February 27, 2018
The last full day in the bay area. I was exhausted, running out of tissues, and in denial about leaving. I took a bus towards Fruitvale, wandered past the Alameda County Sheriff's office on East 12th Street, looked in some shops, and found a Walmart in San Leonardo.
Alameda County Sheriff's Office, Oakland, 02/27/18
Mural opposite the BART Station, San Leonardo, 02/27/18
Rather than go on a long adventure, my accomplishments for the day were finding a Walmart, and checking us in to our flight. My sister had gone to the cinema at Jack London square for the second time in the holiday, both times there only being one other person in her screen.
As we were relaxing in California, we read the news from home: a red weather alert across Scotland's central belt for the next couple of days, due to large amounts of snow. Buses and trains being cancelled, people being advised against travelling, schools closed... It was the first time the MET office had set a red alert for snow in Scotland.
February 28, 2018
We cleaned up the studio a little, re-packed our bags, and went to hand back our keys. Our host was nice enough to offer us a lift to the BART station. We changed to the airport BART at the coliseum, and I managed to get my clipper card balance to 0. The airport is... small. Terminal 2 is for South West airlines, terminal 1 for all others. Immediately to the right after security was our gate. I went to terminal 2 and rushed back with ice cream cones from the Fenton's Creamery shop there. Our flight was so quiet, we were encouraged to take up whole rows each. I lay across three seats for a few hours, not quite sleeping, but at least resting my eyes.
March 1, 2018
Arriving in London, we sat on the runway for 45 minutes. A lot of flights were cancelled due to the weather, and we had to wait on a plane being de-iced and moved out of a gate so we could get in. We got our suitcases quick enough to end up waiting around the airport for another hour before we could take a coach into Victoria.
We left our bags again, and I headed off to a pub to meet the friend I'd bought a Mt. Eddy shirt for. I cursed myself for not bringing my hat, or buying one in Oakland. It was distinctly colder in London, and none of the clothes or shoes I'd taken with were waterproof. My sister went to a hospital to get her knee checked out, and I later went to meet her there. We got food and wondered whether the coach back up to Edinburgh would still make it, as the person questioned at the coach station had thought it would. We considered staying in London for a night (and getting some sleep) until things had calmed down more.
Back at the bus station, and finally on the bus and warming up, we were instead wondering whether the buses would be running once we would get back to Edinburgh. The weather alert had been lowered.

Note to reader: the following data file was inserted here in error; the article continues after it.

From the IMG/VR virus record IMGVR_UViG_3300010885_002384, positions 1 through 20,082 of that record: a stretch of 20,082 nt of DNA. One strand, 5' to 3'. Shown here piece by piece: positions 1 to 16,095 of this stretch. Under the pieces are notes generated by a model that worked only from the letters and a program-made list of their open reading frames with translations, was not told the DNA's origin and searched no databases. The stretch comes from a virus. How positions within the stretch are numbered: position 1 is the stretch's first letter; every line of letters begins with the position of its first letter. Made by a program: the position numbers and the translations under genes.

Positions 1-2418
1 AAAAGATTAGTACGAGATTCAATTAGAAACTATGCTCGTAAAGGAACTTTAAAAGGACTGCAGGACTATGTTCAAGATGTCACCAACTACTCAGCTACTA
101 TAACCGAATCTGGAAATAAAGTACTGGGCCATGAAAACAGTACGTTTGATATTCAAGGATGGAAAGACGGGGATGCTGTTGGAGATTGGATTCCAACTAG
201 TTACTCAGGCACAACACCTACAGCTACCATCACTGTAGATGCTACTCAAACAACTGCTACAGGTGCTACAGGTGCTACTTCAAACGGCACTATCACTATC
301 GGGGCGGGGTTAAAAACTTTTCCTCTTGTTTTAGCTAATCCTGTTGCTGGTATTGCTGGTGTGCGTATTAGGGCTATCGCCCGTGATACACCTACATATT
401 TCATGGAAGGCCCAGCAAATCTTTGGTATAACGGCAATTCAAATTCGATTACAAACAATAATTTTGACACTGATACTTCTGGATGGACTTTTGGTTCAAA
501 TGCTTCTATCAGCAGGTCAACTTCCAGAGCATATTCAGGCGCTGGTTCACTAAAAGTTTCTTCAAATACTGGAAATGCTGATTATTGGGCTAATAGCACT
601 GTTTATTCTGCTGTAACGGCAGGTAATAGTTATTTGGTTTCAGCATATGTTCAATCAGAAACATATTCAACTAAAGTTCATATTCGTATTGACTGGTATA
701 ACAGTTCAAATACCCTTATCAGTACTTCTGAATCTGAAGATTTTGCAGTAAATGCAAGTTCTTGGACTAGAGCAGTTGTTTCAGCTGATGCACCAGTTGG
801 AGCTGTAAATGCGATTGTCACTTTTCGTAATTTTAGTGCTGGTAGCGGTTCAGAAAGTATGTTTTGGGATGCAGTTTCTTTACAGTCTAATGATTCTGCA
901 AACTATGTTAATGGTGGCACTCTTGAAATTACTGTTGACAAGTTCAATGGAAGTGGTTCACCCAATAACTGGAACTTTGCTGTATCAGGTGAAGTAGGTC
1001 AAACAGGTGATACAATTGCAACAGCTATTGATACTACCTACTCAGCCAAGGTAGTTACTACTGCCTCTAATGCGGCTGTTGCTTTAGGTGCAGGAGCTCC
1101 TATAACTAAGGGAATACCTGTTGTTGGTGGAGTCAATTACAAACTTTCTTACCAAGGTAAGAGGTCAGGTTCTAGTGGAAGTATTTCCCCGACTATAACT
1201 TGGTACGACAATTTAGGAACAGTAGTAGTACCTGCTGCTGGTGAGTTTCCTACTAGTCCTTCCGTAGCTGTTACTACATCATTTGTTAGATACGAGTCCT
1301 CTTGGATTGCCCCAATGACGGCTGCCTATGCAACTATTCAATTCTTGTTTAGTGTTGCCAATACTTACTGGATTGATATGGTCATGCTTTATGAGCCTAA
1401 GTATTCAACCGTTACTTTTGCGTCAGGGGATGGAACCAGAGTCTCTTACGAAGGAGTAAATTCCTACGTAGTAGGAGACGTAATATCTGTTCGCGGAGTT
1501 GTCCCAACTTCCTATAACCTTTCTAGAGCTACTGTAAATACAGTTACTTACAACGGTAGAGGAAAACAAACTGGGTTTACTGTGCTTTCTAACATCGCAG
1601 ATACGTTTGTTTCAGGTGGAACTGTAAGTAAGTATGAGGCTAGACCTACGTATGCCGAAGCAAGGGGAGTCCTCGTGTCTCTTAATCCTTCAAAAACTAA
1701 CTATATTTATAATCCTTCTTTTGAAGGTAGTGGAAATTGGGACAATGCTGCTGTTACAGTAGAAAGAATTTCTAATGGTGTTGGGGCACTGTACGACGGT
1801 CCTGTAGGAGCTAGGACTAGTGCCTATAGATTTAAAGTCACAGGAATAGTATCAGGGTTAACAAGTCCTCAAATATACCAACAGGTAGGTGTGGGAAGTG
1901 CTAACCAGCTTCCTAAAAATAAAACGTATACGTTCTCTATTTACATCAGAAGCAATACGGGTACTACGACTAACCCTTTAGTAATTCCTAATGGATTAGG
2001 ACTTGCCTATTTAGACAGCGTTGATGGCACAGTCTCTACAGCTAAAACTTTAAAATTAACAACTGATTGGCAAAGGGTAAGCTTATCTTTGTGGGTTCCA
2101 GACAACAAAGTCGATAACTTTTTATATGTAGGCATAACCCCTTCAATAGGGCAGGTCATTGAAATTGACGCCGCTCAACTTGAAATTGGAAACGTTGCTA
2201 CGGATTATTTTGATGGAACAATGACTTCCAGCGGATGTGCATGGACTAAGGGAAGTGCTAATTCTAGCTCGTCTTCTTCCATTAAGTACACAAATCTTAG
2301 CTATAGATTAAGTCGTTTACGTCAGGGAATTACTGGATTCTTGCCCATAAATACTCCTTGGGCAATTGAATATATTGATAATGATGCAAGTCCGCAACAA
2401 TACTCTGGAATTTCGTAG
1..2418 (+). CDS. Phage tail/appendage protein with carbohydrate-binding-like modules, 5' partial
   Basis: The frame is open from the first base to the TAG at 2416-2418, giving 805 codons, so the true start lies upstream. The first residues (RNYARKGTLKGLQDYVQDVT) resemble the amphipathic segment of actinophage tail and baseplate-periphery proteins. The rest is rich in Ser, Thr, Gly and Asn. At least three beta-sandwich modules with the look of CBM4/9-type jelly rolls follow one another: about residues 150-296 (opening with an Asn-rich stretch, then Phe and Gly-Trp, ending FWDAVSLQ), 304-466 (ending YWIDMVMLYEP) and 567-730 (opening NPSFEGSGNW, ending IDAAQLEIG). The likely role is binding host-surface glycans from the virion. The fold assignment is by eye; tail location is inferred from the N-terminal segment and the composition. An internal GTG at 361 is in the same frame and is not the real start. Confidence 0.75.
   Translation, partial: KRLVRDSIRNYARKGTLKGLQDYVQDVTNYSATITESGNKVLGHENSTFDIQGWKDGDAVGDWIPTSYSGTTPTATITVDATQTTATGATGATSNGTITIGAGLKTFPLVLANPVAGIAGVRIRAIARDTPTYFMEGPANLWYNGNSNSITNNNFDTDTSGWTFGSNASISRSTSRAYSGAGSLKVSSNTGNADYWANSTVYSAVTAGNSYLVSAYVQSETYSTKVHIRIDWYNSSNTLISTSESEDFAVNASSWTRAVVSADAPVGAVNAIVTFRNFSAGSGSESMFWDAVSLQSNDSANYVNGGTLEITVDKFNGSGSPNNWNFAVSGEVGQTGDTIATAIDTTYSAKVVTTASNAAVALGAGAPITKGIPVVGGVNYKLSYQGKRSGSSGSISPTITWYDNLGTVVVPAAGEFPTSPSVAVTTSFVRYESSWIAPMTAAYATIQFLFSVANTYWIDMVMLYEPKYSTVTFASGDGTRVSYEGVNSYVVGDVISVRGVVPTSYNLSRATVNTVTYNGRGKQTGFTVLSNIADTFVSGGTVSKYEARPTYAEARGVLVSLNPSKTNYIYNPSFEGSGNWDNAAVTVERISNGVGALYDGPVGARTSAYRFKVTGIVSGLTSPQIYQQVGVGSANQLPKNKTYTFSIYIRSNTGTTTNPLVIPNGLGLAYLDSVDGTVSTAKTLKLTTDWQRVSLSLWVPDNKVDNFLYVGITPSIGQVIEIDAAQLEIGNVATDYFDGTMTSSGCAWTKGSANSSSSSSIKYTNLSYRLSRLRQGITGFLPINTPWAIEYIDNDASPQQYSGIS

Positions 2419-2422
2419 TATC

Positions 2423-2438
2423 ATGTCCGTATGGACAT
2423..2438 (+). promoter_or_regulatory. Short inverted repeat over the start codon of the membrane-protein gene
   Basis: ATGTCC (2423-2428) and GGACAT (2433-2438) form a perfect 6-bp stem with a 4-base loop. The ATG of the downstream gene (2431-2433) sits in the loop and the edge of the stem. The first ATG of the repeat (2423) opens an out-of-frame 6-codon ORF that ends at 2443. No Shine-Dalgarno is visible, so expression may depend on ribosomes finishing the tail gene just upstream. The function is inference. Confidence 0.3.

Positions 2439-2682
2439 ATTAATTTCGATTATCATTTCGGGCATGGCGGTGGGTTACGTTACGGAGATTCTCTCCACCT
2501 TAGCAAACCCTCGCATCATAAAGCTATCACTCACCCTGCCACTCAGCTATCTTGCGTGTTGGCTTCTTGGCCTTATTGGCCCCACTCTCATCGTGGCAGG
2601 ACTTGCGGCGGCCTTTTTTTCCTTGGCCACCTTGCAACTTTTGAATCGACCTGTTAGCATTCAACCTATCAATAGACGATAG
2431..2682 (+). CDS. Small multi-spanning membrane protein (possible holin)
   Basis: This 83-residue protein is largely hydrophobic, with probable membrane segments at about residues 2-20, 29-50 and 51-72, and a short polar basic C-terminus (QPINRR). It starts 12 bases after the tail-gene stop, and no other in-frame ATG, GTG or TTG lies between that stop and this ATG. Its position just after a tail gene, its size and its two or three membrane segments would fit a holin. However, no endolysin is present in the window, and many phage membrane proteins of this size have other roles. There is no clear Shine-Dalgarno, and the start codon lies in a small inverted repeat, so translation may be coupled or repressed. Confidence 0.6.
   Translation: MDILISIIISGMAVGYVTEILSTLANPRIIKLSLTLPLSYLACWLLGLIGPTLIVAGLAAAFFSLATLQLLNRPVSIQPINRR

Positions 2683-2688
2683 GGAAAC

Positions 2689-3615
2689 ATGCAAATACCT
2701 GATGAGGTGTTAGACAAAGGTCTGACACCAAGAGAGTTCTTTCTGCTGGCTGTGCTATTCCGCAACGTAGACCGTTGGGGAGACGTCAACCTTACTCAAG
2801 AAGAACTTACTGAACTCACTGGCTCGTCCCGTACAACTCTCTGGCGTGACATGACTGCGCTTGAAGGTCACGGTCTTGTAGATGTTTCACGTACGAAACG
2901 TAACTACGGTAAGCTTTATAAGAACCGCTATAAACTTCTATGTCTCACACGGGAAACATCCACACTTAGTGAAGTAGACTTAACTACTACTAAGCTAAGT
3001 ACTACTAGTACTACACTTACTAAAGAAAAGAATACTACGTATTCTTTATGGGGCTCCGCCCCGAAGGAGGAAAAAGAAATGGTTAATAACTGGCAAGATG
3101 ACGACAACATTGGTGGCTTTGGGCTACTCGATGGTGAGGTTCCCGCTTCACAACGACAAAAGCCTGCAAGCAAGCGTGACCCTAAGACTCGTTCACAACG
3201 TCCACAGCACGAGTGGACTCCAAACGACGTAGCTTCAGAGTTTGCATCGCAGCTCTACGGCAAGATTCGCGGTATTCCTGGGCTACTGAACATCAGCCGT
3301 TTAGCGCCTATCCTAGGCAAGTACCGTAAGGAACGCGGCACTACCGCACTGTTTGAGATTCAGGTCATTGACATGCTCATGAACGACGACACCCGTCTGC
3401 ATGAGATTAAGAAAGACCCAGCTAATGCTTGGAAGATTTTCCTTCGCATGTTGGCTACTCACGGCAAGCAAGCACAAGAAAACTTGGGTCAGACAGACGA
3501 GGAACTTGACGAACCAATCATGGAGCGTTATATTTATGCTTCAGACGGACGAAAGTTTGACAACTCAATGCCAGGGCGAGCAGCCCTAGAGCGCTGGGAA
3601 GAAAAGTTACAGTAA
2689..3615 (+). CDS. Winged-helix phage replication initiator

March 2, 2018
The coach was doing fine until it hit the English borders. The A1 was closed between Alnwick and Berwick upon Tweed, and the drivers were trying to find a way through the smaller roads. They tried four different roads, often meeting other drivers looking for ways through, and tipping them off on ways that weren't possible: "that way has 8 foot snow drifts, turn back." We stopped somewhere near Coldstream, with the drivers calling their depot to see if they knew of a route they could take. Here, we ran into a coach we'd seen before, trying different routes through the snow. The drivers exchanged numbers, in case one found a way. Quite a few people got off the coach to stretch their legs, us included.
The English Borders, 03/02/18
The driver talked us through the options, if none of the A roads were clear when we tried again, it would be better to head back to Newcastle than to try the B roads. We tried one again, and came across the truck that had previously been blocking the road. The driver told our driver that the only reason they hadn't gotten through was because they'd stopped to let gritters past, and couldn't get traction again, and advised our driver to go for it, just don't stop. The driver asked us if we wanted to go for it, since it seemed to be the only option. We agreed, knowing it sounded like a bad idea.
The atmosphere on the coach was tense, people craning their necks to see the road, as we wound past snow drifts over roads covered in snow. At one point, the coach struggled to pass some cars, and almost stopped. When we got going again, the passengers applauded. Further up the A698, winding along just below the border, we had to stop. The council was there, clearing a blockage. But we made it through, and from then back to Edinburgh it was clear running. Finally making it into the bus station around noon, 13 hours after we'd left London the night before. Those extra 5 hours in the borders hadn't been ideal, but at least by the time we made it in the buses were running again. The city centre, normally unlikely to even get snow lying, still had a decent chunk of snow. When we went to bed that afternoon, we'd been awake for 48 hours.